Alexandra the Great's Private Papers

September 18, 2007

The Mad Rush of Time

Filed under: Living,Tyranny — Alexandra The Great @ 9:26 pm

Time is the one commodity we seem never to have enough of.  In fact, our lives are sometimes measured by our shortage of it.  How many of us when asked, “How are you doing?” respond with, “Busy!” 

In an age where information is sent around the globe in seconds, work is done mainly by machine, and people routinely travel at speeds undreamed of in other centuries, one would think that we would have an abundance of time for leisure, relationships, and rest.  On the contrary, we are arguably the most enslaved generation of freemen ever to walk the earth.  Our backs are bowed under the tyranny of expectations other generations had not the luxury of facing. 

We work harder and faster to gain more, the obtaining of which pushes us further into debt causing us to stretch even farther and suffer the anxiety caused by overextended finances.  We submit to the many social pressures that at one time would have been viewed as leisure for the wealthy but are now viewed by many as inescapable necessities.  I think of mainly of children’s sports.  Many families commit to sports all year round and devote two to three afternoons a week and every weekend to the pursuit of their child’s participation in this social requirement.  And to think that Caesar only required a pinch of incense….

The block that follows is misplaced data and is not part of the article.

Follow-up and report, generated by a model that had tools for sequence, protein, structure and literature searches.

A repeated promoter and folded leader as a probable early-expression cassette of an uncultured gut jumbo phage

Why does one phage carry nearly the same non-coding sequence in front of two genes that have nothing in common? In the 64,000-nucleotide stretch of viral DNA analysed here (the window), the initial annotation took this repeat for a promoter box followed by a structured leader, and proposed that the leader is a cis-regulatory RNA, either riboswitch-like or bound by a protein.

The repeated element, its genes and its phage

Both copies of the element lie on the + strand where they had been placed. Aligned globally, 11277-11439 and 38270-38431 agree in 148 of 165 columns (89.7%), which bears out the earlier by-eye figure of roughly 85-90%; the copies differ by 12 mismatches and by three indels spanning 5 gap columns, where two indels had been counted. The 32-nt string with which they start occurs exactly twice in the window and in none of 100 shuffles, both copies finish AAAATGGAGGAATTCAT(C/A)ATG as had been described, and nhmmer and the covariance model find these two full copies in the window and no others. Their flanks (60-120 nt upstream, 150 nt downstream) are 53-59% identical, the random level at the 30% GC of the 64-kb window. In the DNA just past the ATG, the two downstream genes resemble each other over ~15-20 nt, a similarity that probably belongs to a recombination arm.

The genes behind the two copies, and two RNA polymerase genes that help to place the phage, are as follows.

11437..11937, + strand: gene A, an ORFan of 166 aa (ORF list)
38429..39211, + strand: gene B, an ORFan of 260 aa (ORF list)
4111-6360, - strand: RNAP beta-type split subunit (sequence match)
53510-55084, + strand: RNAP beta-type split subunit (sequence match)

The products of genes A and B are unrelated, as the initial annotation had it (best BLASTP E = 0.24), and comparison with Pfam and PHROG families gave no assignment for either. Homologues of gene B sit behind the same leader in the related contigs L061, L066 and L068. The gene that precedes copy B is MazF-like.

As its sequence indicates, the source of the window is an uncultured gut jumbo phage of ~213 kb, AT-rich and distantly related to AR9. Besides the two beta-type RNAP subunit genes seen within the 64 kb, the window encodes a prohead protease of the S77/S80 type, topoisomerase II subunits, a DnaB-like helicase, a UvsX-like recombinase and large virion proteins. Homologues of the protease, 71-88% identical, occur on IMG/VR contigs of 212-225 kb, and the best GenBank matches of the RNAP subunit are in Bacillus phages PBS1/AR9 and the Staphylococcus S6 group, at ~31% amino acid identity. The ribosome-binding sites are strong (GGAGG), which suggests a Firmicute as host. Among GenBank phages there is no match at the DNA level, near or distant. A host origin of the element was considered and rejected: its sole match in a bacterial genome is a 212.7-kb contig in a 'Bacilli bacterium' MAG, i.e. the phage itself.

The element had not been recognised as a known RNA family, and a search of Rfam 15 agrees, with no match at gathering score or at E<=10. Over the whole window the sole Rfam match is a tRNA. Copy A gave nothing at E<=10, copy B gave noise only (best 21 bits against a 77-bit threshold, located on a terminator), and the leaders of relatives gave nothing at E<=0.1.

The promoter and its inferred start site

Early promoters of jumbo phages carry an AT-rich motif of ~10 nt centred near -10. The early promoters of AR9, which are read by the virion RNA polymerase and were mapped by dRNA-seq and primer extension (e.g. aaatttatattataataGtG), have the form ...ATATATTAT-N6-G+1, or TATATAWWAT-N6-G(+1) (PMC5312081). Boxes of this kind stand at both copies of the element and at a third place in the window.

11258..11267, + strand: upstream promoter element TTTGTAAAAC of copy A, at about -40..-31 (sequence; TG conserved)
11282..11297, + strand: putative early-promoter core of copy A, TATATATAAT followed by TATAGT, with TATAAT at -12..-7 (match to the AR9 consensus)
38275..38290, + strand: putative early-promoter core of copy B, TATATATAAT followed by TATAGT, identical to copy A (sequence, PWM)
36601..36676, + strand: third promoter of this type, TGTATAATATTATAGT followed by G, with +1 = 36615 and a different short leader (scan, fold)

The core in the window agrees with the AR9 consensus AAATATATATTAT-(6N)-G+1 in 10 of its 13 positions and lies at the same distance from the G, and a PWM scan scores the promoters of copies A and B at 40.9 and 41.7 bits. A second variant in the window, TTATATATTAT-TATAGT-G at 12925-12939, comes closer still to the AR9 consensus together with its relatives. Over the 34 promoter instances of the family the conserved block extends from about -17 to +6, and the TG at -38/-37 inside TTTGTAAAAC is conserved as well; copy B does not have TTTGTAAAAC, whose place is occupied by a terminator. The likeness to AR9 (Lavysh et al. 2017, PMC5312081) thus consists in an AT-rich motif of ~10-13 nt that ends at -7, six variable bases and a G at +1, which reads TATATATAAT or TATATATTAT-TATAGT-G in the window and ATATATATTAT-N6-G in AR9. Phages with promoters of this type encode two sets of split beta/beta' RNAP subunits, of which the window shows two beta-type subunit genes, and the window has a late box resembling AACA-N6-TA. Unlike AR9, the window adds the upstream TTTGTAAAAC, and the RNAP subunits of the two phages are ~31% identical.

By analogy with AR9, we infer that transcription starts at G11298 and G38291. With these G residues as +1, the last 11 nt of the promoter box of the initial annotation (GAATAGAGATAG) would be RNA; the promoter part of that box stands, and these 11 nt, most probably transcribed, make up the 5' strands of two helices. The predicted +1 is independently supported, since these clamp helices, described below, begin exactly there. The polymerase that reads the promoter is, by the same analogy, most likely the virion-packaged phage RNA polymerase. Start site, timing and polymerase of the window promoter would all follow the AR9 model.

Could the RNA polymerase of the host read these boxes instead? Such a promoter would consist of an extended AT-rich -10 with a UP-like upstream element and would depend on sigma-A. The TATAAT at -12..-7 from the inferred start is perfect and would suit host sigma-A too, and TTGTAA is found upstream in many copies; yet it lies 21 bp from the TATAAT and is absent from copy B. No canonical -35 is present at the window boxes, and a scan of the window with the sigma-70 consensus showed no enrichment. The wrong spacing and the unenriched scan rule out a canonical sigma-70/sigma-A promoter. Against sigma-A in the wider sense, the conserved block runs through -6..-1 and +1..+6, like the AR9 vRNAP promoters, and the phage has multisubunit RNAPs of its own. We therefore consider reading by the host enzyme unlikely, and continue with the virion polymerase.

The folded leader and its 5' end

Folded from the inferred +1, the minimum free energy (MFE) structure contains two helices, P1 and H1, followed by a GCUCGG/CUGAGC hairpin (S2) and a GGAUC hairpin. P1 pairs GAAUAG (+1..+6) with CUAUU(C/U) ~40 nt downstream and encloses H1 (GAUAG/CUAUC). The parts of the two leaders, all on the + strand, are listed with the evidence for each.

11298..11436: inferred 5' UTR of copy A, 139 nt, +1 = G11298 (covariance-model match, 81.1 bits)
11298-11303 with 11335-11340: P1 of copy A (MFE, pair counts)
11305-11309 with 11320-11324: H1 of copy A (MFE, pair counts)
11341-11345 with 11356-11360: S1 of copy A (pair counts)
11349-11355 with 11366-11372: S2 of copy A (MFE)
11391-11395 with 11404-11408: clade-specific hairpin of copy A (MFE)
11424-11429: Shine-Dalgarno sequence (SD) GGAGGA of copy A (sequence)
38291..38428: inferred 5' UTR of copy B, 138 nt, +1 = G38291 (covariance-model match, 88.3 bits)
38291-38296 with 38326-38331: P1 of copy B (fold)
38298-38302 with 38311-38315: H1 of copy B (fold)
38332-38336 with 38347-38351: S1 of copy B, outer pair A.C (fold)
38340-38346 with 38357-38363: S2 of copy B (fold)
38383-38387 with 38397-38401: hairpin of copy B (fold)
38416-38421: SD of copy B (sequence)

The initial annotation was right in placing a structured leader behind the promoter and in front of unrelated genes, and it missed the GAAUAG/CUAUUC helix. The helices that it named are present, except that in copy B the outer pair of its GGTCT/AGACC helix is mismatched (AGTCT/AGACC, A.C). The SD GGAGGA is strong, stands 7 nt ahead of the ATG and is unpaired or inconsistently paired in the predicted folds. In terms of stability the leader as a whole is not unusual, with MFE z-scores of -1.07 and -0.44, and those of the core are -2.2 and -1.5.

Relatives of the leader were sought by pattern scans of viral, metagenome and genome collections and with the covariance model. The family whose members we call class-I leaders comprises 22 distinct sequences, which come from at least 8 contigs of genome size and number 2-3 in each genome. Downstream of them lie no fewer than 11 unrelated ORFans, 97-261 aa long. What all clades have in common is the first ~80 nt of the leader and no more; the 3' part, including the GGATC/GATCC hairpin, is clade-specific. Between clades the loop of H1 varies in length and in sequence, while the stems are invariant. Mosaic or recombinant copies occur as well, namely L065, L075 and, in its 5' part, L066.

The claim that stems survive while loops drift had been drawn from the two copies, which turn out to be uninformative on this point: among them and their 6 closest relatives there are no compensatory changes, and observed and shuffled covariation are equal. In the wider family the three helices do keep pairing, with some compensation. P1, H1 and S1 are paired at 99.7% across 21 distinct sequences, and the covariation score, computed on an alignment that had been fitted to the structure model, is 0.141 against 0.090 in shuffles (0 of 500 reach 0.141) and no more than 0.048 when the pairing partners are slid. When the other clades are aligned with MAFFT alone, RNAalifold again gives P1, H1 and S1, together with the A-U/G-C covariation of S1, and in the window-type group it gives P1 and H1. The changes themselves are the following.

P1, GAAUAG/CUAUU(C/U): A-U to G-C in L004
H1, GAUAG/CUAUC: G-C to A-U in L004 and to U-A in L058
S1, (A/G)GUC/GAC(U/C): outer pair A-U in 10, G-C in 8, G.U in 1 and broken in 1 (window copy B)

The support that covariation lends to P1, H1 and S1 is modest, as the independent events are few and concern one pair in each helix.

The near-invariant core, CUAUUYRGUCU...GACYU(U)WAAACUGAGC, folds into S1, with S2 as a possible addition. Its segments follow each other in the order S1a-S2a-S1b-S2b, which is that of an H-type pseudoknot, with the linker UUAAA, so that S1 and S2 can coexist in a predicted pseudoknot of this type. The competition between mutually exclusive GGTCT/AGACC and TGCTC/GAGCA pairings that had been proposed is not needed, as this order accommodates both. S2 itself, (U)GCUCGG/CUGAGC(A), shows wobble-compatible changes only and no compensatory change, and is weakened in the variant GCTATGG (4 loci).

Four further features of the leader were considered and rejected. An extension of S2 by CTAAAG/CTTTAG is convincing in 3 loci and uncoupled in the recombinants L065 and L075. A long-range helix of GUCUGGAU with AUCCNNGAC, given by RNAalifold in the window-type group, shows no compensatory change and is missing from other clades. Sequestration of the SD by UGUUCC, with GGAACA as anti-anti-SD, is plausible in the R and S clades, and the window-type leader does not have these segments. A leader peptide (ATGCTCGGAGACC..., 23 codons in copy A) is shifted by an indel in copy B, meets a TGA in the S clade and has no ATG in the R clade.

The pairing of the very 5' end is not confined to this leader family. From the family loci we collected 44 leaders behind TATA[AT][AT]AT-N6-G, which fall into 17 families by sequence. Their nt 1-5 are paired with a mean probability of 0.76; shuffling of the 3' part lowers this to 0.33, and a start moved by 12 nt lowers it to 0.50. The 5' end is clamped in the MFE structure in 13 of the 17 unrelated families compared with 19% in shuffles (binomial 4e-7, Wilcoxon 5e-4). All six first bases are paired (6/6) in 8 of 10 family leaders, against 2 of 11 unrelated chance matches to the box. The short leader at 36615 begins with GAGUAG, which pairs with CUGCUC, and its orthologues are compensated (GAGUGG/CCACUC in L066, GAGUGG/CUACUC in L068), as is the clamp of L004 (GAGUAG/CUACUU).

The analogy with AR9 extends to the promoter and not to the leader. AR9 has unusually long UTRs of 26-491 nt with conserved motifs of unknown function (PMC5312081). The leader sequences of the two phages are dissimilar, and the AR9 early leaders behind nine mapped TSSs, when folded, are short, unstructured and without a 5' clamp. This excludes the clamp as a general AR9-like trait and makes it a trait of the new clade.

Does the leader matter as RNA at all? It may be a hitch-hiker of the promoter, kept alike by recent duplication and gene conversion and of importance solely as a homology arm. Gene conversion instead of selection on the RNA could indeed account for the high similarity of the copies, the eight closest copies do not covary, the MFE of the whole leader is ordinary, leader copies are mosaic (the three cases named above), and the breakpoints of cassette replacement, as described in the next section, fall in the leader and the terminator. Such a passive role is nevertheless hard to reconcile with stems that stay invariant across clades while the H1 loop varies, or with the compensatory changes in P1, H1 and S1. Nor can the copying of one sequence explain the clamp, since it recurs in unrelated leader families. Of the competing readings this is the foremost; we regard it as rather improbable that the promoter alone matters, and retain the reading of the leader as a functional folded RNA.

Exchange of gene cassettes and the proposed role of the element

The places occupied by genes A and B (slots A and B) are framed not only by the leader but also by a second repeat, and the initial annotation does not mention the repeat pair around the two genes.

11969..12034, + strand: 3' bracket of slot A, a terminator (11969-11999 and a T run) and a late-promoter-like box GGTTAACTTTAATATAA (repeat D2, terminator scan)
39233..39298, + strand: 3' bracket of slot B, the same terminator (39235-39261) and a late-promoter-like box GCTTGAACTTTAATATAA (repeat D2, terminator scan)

Apart from the countless (and costly) events we parents are required to sign our kids up for, our lives are also hijacked by our own set of social necessities that require full allegiance in return for acceptance or respectability or a place in “Who’s Who of the Pond,” whatever the agreement was when we pledged our soul to the good cause. 

I just wonder what possesses is to over-extend ourselves so far that the only thing we can say in response to a polite “How are you,” is, “Busy.”  Is it possible to cast off the demands of others and reel in our lives just a little bit?  Perhaps if we could, our answer would transform from “Busy” to “Satisfied.”  Satisfaction, after all, is not offered to us by the mad rush of time, but by the slow enjoyment of things worthwhile, by a job well done, and by the investment of ourselves in relationships with others and with God. 

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September 11, 2007

Toadstools

Filed under: God's Help,Living — Alexandra The Great @ 6:44 pm

Have you ever noticed how toadstools seem to spring up overnight?  One day the newly mown law looks almost perfect and the very next day its appearance is marred by brown growths.